Folmsbee: Consider a (terrible) career in science


Sai Folmsbee, Columnist

Science sucks. Specifically, a professional career in science is shockingly terrible. Of course, I would never disparage the scientific method, which is inarguably humanity’s greatest invention. But the popular portrayal of the lives of scientists as full of excitement masks the truth behind the plight of the everyday researcher. The myth of the roller coaster ride of scientific discovery, colliding into innovation and discovery from graduate school to the Nobel Prize, has inspired generations of scientists to burn out and abandon all dreams of scientific grandeur. The life of a scientist is dull, frustrating and unrewarding.

But you should still seriously consider it.

Scientific research, like much of the work in any profession, is tedious. It is repetitive. Whether you are tracking the migration patterns of Galapagos seabirds, measuring the anti-cancer effect of a novel drug or collecting neutrinos in Antarctica, most of your days will be filled with the same, soul-crushing monotony. But this is a necessary evil for any successful scientist. With repetition comes reliable data, and from reliable data come reproducible results. Much like surgery, expertise comes only from performing the same tasks over and over. In order for a career in science to be productive, it must also be maddening.

But even more troubling is the currency utilized in a career in academic research, which is, has and will always be, publication. Scientific articles are subject to the same biases and politicking that emerge in any highly competitive field. The original purpose of scientific publication was to share data and discoveries with other scientists to move the field as a whole forward. But that spirit has long been corrupted. For graduate students, a publication is their only ticket to a doctorate degree. So their supposed chance to perform independent scientific investigation is perverted into a single-minded attempt to get the minimum amount of data necessary to publish, just so they can even consider advancing their career. And for senior scientists, data must be massaged and coerced into a specific narrative in order to achieve publication in journals with a high impact factor, or else they will be doomed to collapse into obscurity. Scientific integrity and innovation are available only when convenient.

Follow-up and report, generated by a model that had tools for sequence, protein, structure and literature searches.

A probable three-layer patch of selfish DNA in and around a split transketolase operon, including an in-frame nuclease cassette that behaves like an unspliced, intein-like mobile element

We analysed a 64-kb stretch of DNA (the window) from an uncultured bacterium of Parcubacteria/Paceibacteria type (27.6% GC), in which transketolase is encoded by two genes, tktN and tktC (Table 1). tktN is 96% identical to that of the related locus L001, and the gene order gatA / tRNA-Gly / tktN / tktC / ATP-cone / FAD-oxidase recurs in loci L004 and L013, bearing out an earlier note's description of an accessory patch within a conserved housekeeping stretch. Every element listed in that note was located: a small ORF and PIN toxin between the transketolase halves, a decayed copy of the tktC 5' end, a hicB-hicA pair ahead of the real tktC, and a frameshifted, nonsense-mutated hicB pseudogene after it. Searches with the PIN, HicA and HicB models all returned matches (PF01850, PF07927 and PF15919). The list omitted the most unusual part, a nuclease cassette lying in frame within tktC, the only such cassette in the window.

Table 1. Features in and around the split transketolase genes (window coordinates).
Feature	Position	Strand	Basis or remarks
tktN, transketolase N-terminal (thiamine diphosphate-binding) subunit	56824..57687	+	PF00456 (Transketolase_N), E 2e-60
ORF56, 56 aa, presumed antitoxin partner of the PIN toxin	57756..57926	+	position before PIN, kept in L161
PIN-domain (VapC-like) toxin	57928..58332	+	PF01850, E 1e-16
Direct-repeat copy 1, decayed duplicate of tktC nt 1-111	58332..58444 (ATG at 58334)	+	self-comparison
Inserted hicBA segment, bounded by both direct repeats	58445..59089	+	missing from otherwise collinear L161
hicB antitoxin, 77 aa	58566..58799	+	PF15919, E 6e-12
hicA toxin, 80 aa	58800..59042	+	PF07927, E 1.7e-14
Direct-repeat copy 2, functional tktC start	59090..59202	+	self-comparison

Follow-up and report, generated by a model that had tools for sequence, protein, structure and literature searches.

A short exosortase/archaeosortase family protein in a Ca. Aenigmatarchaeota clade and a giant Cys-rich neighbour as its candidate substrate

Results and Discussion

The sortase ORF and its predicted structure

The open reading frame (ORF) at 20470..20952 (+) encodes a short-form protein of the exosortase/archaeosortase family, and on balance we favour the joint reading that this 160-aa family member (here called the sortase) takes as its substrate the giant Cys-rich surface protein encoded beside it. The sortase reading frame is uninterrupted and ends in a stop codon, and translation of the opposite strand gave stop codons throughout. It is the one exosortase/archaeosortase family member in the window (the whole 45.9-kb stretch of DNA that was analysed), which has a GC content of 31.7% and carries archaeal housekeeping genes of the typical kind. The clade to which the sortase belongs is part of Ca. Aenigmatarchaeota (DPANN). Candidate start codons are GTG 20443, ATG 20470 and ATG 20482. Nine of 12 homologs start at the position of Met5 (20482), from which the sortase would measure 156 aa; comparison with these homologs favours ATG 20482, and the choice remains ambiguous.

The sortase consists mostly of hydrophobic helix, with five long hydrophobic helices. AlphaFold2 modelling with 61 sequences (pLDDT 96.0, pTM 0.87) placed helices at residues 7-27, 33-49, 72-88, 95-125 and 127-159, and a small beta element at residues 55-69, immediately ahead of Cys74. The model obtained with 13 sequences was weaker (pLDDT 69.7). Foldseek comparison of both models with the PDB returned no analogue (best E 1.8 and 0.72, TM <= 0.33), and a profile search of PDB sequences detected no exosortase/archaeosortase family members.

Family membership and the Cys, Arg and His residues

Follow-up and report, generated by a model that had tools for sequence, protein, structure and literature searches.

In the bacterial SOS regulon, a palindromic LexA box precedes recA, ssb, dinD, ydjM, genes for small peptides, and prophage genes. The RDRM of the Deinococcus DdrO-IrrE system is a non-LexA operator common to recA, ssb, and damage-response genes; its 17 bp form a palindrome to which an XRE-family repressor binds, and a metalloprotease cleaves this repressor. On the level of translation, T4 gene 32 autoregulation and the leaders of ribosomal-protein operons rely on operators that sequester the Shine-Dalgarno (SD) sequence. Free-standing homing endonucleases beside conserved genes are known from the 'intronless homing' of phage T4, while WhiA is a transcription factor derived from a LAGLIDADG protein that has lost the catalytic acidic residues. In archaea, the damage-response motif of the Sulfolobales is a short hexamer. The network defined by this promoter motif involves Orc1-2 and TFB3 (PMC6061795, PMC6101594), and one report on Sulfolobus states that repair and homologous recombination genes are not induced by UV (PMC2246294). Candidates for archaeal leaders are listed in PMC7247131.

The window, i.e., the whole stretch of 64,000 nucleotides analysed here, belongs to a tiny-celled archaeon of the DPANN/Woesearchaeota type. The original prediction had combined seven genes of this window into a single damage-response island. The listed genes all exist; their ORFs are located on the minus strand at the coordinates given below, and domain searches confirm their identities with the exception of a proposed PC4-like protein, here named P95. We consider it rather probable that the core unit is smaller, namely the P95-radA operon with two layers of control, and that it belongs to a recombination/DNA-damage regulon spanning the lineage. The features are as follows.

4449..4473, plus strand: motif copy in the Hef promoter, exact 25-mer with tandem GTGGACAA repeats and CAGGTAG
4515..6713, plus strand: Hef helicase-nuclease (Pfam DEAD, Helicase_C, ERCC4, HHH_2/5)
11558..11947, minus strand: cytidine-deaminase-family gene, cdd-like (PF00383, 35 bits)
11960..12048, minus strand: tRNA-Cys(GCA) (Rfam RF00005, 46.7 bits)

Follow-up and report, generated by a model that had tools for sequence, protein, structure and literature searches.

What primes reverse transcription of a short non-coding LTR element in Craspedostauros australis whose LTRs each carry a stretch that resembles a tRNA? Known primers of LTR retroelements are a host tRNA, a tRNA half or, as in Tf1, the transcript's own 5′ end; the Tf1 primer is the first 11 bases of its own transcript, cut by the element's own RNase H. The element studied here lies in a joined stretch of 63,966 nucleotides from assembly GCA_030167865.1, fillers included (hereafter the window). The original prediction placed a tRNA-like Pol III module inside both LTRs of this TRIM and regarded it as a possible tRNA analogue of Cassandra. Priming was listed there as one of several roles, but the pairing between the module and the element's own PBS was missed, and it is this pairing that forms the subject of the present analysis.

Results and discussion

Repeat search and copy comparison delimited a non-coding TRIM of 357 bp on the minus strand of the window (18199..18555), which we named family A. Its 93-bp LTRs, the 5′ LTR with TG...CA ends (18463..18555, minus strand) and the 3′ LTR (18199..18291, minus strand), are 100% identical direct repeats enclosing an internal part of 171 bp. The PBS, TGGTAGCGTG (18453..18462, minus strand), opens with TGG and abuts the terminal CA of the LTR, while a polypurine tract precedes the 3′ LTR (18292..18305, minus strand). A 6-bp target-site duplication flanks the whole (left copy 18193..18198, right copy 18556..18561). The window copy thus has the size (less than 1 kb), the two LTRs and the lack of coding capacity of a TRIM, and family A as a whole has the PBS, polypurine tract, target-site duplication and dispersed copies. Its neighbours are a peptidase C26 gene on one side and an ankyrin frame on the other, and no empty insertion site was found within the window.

And to make things worse, scientific questions are shrinking. Smart people are being driven away from careers in science because the big discoveries have already been made. We have identified hundreds of thousands of genetic mutations that cause cancer, and now we are left with the tedium of identifying which are effective targets for therapy. We’ve even identified the Higgs boson, the quantum particle that grants matter its mass, so we are left with tying up the loose ends of our understanding of quantum physics. But this is the point of science; as much as we hate to admit it, there is a finite amount of knowledge in the universe. The more we see, the less there is to know, and the harder it becomes to know it.

Finally, if you choose to become a scientist, you are also at the mercy of both your funding and nature itself. Most of the career scientist’s life is spent drowning in meager attempts to claw whatever scraps of grants he or she can collect from government agencies. And by the time there is finally money for the lab, more grant applications are already due. But with even the best resources, the most brilliant hypotheses can fall flat in the face of nature. Results will often not fit the original hypothesis, nor will they even disprove it in any interesting way. More often than not, data will be uninteresting and insignificant, because nature itself can only hold so many wonders. Truth, it seems, is usually boring.

But none of this really matters, because scientific research has an allure that no other profession has. Science is compelling not because there are so many important discoveries, but rather because we have no idea how important those discoveries might be. The recent effort to identify the Higgs boson was not done because it would directly revolutionize medicine or technology. It was done because understanding quantum physics itself may change the very way we think about medicine and technology. A career in scientific research means a life of frustration, bitter failures and seemingly futile pursuits, but it offers the privilege to advance humanity in ways we cannot even imagine. And a privilege it is, because through these challenges we get to be the first to discover new planets, find new treatments for disease and peer into the very building blocks of reality.

Sai Folmsbee is a Feinberg graduate student. He can be reached at [email protected]. If you would like to respond publicly to this column, send a letter to the editor to [email protected].